LinkedIn is a great tool for professionals and nonprofit volunteers to market their skills and goals. Moreover, it is an economical tool for individuals, companies and nonprofits to find employees and positions. Nonprofits can tap the vast potential inherent in this top social media site to enhance their fundraising efforts. Many nonprofits are run like Fortune 500 companies with professional managers at the helm as well as volunteers working in selected positions. Some nonprofits are run exclusively by volunteers, save for a part-time executive director.
How Money was Raised Earlier
Pre-internet, volunteers formed common interest groups to raise funds for nonprofits. These endeavors had a set procedure discussed below:
A detailed study was conducted on the amount of funds needed. Then an assessment was done based on revenue and current donor base. A special procedure was devised to accept funds for projects. Also created was a compartmentalized donation process to expedite donations and provide publicity for the company.
Board members and volunteers helming the nonprofit were encouraged to pledge a notable level of support. Other individuals close to the organization’s “inner circle” were also approached to participate in the fundraising project.
When 60% of the funds were raised, the campaign was considered fully on. Many prospects, mainly members of the nonprofit and past donors, were courted to donate generously. Selected potential donors were solicited to donate in return for public recognition. Some organizations targeted a specific date when volunteers contacted hundreds of potential supporters to donate to the organization.
How Can LinkedIn Improve the Above Process?
Many wealthy people use LinkedIn. This website has 467 million members worldwide including 128 million from the USA. The average CEO on LinkedIn has 930 connections. Moreover, 41% of millionaires use LinkedIn. How can you leverage LinkedIn to help carry out your fundraising?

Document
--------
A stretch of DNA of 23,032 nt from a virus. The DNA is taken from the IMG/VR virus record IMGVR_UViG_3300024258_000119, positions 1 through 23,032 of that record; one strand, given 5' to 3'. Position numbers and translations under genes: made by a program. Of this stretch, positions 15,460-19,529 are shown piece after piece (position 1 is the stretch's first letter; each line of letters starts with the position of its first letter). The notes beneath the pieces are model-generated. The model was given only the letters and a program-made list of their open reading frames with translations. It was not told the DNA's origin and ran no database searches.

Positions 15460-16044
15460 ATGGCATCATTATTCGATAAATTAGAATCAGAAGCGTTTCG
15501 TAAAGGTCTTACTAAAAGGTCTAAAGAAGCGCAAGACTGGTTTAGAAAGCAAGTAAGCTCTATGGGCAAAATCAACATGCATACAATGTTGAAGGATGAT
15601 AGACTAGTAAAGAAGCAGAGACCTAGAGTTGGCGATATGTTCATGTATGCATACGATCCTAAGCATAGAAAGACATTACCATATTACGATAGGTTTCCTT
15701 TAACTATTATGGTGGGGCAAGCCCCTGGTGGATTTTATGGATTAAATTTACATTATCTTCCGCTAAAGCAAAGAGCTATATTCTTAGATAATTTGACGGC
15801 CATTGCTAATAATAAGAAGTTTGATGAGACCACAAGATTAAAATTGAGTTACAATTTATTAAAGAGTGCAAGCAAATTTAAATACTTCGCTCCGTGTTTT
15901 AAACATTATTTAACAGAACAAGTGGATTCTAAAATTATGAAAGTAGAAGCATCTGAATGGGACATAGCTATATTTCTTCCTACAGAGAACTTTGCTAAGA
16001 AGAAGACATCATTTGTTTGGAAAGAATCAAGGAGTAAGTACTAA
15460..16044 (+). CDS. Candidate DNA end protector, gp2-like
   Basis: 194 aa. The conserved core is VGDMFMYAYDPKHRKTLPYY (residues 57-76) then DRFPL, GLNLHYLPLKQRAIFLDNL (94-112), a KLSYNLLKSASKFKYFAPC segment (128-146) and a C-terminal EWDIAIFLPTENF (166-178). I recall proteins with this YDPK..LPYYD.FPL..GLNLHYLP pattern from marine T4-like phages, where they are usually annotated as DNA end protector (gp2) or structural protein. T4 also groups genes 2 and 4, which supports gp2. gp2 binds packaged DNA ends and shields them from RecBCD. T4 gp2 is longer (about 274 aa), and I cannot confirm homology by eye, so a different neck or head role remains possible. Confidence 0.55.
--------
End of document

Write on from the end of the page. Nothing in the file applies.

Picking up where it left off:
Tap your fellow board members and ask them if they use LinkedIn for their online networking needs. Understand how large their online networks are. Make the case to those board members who have not yet joined the social media site. Encourage them to join LinkedIn by informing them it is free and brings highly worthwhile professional and personal connections.
Encourage your volunteers to expand their first level LinkedIn network and ask them to invite those connections to join your organization’s membership. Identify potential donors and devise a way to get in front of them. Use your own networks and those of your first connections to identify potential donors.
The donor pool in your area may be sufficiently large. Many of them would like to see their name in print. This can be fulfilled by including donor’s names in your annual reports. Those donors who do not want publicity can be listed as anonymous.
Build a potential donor list from the attendees to your programs and events. Occasionally, review and update the data with colleagues. Ascertain which donors would like to donate to your initiatives. Generally, people who give to museums may give to historical societies. Those who focus on eliminating poverty may not have any interest in donating to a symphony or a ballet.
Search potential donor names on LinkedIn. You will most likely find a path to reach the donor listed. He may be in the LinkedIn network of a colleague or may be a friend of a friend. At times, one of your colleagues may also indirectly know him. In this way, you can obtain a sizeable amount of data about potential donors.
Devise a plan to get in front of each of the members in your donor list. Try coming face to face with each of them. Before asking for an introduction, check whether you already know them online. Tapping your online networks will introduce some of the people in your donors list.
Ask each prospective donor for his or her support. Use a professional approach underscoring your organization’s mission, critical projects and accomplishments, while showing respect throughout. Expect to be traded down in giving levels. Be sure to follow-up wherever required. Feel free to approach habitual donors to similar causes as well as those generally philanthropic.
Jade Gardner is a Marketing Manager at Hire Php Developer.